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Friday, fourth week of Lent

March 31, 2006

Blessed Friday!

Wisdom 2:1, 12-22 (the wicked plot to persecute the just one)
Psalm 34:17-23 “The Lord is near to broken hearts”
+John 7:1-2, 10, 25-30 (Jesus’ life is at risk)

“Can’t you just live and let live? You really do have to learn to be tolerant, you know.”

There is a place for that perspective, when the differences among people have nothing to do with morality. One person is talkative while another is quiet. One excels at sports, while another trips over their own feet. He prefers routine; she thrives on variety. It might be more convenient for us if the other person changed their ways, but we really have no right to insist. We need to learn to respect each other the way we are & make the most of our differences. One person’s strengths fill in for another’s weak points.

The trouble comes when we make this concept universal, when we start applying it to moral questions. Then what we think of as “live and let live” becomes in Reality, “live and let die”. Sin kills. “Tolerance” in a situation like this is a veiled form of negligence. We don’t care that they’re hurting themselves, and that they might succeed in committing spiritual suicide. Or, at least, we don’t care enough to risk offending them.

This isn’t the attitude of the just one. He loves his sinful neighbors too much to let them drive themselves to hell without at least trying to warn them. “…he sets himself against our doings, reproaches us for transgressions of the law, and charges us with violations of our training” (Wisdom 2:12). Jesus, the ultimate Just One, is in the same position: “The world…does hate Me because of the evidence I bring against it that what it does is evil” (John 7:7).

While it’s true that we can’t control another person’s actions, that we can’t be held responsible for another’s choices, we are responsible for informing them. Jesus tells us to go “point out his fault” when our brother sins against us (Matthew 18:15). He warned the newly-healed paralytic to give up his sins (John 5:14), and when He rescued the adulteress, He cautioned her to avoid this sin (John 8:11). St. Paul scolded the Corinthians for turning a blind eye to incest within their parish (I Corinthians 5:1-13) and exhorted the Thessalonians to admonish the unruly (I Thessalonians 5:14). James observes that the one who brings back a sinner will save his soul from death and cancel a multitude of sins (James 5:20). One of the spiritual works of mercy the Church recommends is to “admonish the sinner”*. We, like the just one, do this by our words as well as by our example.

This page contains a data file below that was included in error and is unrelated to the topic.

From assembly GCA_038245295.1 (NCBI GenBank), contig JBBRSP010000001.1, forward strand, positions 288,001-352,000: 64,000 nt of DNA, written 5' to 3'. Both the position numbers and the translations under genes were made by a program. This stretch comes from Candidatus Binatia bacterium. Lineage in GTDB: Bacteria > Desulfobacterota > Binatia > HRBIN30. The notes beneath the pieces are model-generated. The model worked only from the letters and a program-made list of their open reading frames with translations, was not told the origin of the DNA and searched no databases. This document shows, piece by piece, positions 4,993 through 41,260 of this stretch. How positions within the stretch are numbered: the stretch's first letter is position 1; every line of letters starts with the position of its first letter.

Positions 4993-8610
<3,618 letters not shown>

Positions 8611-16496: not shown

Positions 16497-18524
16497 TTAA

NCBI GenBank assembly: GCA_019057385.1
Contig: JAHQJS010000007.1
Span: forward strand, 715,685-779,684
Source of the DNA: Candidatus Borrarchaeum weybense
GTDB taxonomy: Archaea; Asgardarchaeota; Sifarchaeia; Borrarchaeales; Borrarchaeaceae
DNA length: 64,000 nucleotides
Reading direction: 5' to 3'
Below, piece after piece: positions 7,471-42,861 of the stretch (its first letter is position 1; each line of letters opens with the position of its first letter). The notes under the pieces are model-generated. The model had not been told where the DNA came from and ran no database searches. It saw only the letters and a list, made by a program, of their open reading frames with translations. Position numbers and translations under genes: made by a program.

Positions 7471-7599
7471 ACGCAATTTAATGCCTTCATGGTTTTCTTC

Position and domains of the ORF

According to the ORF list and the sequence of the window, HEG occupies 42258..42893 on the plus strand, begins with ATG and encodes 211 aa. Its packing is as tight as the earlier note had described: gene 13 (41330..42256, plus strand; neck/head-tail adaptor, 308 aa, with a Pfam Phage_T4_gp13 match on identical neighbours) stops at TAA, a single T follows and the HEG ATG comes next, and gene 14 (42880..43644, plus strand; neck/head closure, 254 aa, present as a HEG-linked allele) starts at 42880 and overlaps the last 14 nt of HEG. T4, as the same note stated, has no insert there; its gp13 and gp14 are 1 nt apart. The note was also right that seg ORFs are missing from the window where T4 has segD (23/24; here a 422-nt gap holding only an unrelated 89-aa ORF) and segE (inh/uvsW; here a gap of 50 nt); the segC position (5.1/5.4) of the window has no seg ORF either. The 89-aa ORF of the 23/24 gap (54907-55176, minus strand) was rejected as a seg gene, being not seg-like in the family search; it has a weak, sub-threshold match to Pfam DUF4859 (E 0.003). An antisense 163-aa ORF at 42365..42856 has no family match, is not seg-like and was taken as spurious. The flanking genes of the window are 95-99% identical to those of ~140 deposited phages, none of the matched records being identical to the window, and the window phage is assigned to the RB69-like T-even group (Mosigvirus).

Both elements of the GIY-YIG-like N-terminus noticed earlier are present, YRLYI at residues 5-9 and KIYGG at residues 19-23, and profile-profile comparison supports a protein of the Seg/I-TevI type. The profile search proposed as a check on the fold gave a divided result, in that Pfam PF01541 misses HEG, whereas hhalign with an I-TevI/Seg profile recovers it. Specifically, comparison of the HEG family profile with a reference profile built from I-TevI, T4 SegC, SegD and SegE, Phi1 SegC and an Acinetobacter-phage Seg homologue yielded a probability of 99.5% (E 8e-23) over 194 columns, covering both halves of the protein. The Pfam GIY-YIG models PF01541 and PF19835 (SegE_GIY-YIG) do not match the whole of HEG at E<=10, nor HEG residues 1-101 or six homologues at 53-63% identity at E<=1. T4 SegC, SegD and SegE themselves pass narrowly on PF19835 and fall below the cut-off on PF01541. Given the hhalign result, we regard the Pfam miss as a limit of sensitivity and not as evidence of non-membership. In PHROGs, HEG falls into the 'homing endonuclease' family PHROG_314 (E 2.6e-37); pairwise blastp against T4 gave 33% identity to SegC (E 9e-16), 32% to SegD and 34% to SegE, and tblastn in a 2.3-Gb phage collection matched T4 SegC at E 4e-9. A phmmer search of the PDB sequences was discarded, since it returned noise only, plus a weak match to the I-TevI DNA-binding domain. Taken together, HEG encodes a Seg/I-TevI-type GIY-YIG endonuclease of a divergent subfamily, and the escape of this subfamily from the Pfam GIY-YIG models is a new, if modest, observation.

This was no more popular back then than it is now, for the one doing the correcting or for the one being corrected. The righteous man’s sinful neighbors found him obnoxious. His very presence irritated them (Wisdom 2:14). They plotted together to test him with revilement and torture, to condemn him to a sinful death (Wisdom 2:18). The Jewish leaders of Jesus’ day plotted His death and tried to seize Him long before His actual arrest (John 7:25, 30, etc.). This does highlight the fact that any correction we’re called to do must be done in love, seeking the others’ highest good at our own expense. We’re to love the sinner enough to hate their sin. We can expect our love, our humility and our patience to be tested. We can expect to pay a heavy price for their salvation. This is another case where being able to offer up our suffering for the salvation of our persecutor comes in so handy.

At the same time, we need to make sure we’re distinguishing between correction of sin versus legitimate tolerance of personal differences. Sometimes it’s hard to tell, especially since we cannot read another’s motives–we have a hard enough time reading our own motives! If we suffer for doing evil, for pushing our own non-moral preferences, that’s our own fault (see I Peter 3:17, 4:15).

We also need to distinguish between our responsibility to deliver the message versus God’s responsibility to change hearts and our hearers’ responsibility to repent (Ezekiel 33:7-9). Even Jesus didn’t get the Pharisees to repent. Often (especially with peers or superiors) it’s best to make the point, make sure it’s been accurately understood (misunderstandings can be deadly!), and then drop it. That in itself fosters the humility and patience that are so critical in this particular expression of love. The results are not up to us. We’re not “on” to force a change. God calls us to be faithful. Success is up to Him.

May God give us the courage to love the sinner enough to point them toward salvation.

* Here’s the full list of the works of mercy:
Corporal works of mercy:
feed the hungry (Matthew 25:41)
give drink to the thirsty (Matthew 25:41)
clothe the naked (Matthew 25:41)
shelter the homeless (Matthew 25:41)
visit the sick (Matthew 25:41)
ransom the captive (Matthew 25:41, Hebrews 13:3, Luke 4:18–Jesus came to ransom captives & we’re to imitate Him)
bury the dead (Tobit 12:12-15–Tobit risked his life to bury the dead & God rewarded him for it)

Spiritual works of mercy:
instruct the ignorant (Colossians 3:15)
counsel the doubtful (I Thessalonians 5:14)
console the sorrowful (Romans 12:15)
correct the sinner (Matthew 18:15, I Thessalonians 5:14)
forgive injuries (Matthew 6:14)
bear wrongs patiently (Romans 12:12)
pray for the living & the dead (Matthew 5:44, I Timothy 2:1, James 5:16, II Maccabees 12:39-45)

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